SARDay 3 through 36
Wow. I really thought that I’d be able to reproduce the SARDay posts this year, but it turns out a lot has changed.
The first is that I’m heavily involved in designing and building my team’s new Mobile Command Centre and this is essentially taking some time every day. I’ve been to marathon 5 hour long meetings in Langley with the company building it (Intercontinental Truck Body), more meetings with our internal management team, and I’ve just this week begun the purchase of $40,000 worth of computers, networking, and audio/visual equipment.
We are at the high level of detail phase where I am measuring the dimensions of printers and plotters to make sure they will fit into their allocated spaces, and deciding exactly where the network, video, AC and DC electrical circuits will be located. It’s very stressful because if you mess something up at this point you have to live with it for a long time.
Like the time I bought the team rescue harnesses with only one gear loop — except the harnesses are replaced after a few years, the truck will last for 20 or more. I will never live that decision down.
The other major change was that I spent about two days being a happy grinning backdrop for political funding announcements.
This was a really strange few days. We got exactly 19 hours notice to appear for a major funding announcement by MLA Naomi Yamamoto, Minister of State for Emergency Preparedness. Being SAR members of course, 19 hours is enough time to handle almost any kind of emergency and I was not surprised to see members from Cambell River SAR, Mission, Pemberton, Whistler, Squamish – in total about 19 SAR teams, and representatives from EMBC and other emergency response agencies.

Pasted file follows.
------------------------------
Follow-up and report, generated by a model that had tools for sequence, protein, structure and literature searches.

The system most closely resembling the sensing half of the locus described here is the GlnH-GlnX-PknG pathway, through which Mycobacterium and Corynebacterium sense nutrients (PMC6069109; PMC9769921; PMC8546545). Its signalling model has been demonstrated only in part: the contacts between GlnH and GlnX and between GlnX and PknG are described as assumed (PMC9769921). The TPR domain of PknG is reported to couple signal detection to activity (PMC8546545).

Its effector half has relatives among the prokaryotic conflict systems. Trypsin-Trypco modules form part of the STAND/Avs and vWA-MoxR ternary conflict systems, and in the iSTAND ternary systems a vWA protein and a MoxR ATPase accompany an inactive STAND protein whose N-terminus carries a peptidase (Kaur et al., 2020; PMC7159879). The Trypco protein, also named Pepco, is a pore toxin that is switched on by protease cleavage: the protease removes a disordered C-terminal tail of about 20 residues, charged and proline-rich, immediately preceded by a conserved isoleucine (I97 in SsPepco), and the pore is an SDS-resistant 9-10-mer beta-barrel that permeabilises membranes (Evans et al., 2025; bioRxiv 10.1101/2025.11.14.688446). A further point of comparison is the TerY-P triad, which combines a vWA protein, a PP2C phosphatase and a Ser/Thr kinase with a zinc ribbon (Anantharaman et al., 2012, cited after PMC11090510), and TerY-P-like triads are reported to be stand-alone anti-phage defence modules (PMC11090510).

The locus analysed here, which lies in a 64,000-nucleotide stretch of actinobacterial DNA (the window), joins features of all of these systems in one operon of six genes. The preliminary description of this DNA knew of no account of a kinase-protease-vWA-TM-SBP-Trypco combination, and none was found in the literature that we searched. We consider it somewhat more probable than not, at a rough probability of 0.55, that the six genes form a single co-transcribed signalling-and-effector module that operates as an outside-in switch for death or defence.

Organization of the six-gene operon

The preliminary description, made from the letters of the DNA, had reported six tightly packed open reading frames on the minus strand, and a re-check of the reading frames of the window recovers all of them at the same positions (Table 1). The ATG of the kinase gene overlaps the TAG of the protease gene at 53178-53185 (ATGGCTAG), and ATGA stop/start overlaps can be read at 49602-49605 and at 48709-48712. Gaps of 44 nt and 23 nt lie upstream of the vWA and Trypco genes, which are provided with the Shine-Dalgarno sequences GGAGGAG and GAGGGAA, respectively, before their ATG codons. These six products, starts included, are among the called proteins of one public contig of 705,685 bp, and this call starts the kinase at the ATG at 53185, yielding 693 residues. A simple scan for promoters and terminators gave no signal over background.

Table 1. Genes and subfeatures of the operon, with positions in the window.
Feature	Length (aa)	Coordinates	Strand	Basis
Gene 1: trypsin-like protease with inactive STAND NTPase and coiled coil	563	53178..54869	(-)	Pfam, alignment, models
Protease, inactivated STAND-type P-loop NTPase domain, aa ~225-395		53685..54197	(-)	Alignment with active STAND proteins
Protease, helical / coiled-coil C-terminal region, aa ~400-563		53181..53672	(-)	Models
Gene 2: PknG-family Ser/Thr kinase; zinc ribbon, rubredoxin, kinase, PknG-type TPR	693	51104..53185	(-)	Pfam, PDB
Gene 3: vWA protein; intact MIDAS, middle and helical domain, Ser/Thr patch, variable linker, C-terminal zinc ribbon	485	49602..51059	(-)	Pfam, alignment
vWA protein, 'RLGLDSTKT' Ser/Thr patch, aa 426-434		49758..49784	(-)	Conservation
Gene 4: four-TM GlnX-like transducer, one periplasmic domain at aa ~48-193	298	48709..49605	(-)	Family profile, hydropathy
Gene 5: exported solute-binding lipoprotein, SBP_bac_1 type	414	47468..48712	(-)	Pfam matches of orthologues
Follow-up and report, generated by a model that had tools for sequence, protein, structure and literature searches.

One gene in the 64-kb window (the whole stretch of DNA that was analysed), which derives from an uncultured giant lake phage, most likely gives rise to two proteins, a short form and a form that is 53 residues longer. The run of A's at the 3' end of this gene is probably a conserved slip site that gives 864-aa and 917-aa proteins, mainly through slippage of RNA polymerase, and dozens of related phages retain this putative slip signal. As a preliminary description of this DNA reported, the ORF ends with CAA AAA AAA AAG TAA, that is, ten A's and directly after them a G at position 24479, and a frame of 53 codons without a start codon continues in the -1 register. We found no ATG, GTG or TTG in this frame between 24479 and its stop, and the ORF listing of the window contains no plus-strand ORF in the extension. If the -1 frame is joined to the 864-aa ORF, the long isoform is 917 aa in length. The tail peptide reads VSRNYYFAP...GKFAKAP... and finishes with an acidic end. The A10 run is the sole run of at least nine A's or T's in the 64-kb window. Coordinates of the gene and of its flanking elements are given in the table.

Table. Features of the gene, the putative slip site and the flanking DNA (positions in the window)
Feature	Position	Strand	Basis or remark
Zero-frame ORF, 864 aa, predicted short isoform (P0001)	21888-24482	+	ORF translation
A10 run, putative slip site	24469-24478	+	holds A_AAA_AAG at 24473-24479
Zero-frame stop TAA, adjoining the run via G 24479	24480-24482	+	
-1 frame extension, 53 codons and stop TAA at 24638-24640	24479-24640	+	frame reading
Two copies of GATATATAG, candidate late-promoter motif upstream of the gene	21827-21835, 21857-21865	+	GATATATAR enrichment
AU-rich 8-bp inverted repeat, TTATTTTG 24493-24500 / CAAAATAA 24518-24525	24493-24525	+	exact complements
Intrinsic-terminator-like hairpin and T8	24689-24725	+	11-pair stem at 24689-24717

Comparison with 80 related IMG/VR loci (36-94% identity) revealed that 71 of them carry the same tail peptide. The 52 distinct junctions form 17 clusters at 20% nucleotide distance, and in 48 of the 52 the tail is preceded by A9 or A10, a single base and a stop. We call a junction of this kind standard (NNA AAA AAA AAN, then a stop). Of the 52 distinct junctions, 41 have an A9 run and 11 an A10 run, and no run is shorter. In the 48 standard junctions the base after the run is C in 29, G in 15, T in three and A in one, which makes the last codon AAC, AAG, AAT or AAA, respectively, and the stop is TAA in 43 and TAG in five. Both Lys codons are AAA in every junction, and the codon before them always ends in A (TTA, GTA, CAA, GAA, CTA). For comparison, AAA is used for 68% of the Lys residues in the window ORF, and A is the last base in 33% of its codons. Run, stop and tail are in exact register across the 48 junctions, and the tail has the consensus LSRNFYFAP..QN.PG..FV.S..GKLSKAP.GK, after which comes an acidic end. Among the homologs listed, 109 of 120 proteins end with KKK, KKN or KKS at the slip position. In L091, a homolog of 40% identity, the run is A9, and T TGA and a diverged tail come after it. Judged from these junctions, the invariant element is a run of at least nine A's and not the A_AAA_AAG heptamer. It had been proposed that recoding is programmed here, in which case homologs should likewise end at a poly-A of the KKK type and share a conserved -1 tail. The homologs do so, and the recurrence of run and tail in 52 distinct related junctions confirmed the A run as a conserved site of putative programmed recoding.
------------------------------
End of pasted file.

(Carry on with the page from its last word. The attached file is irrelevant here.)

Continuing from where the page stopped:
Interestingly, that morning on the way to the funding announcement for the 10 million dollars to the BC Search and Rescue Association, we were notified that BC Premier Christy Clark would be attending my own team’s base at Coquitlam Town Centre Firehall for an announcement the next day – also a surprise. Again, about 40 members of the team showed up, as well as the top brass in the fire department, the RCMP detachment, several city counsellors and the Mayor of Coquitlam, Richard Stewart.
Although the grant she announced was 1/1000th the size of the one to BCSARA, the money will have a huge impact. While we had been fundraising to build the command centre, we allocated money to replace our analogue radio system with a digital one capable of tracking field teams with a built in GPS. We could not in fairness take funds from the command centre and purchase radios for everyone on the team so we had been planning a muli-year roll out of the new system, which was less than optimal since the digital and analogue systems aren’t completely interoperable. The $10,000 moves this project forward by letting us buy 11 more radios, and hopefully deploy the system in a single year.
And of course on top of it, I decided to run for BCSARA Regional Director for the Sea to Sky – but more on that in another post.
The upshot of all of those things is that I spend several hours a day working on SAR related subjects – the truck, fundraising, technical design, running a training event, responding to calls from the public, etc. — all on top of my regular job. I simply do not have time to log all of those hours in blog posts here, and if I did nobody would read them anyway because some of it is impossibly boring. If you read this far I am amazed.
So I’ll be discontinuing the SARDay posts for now, and hopefully have something more interesting to write about here. I do intend on at least one more video blog soon.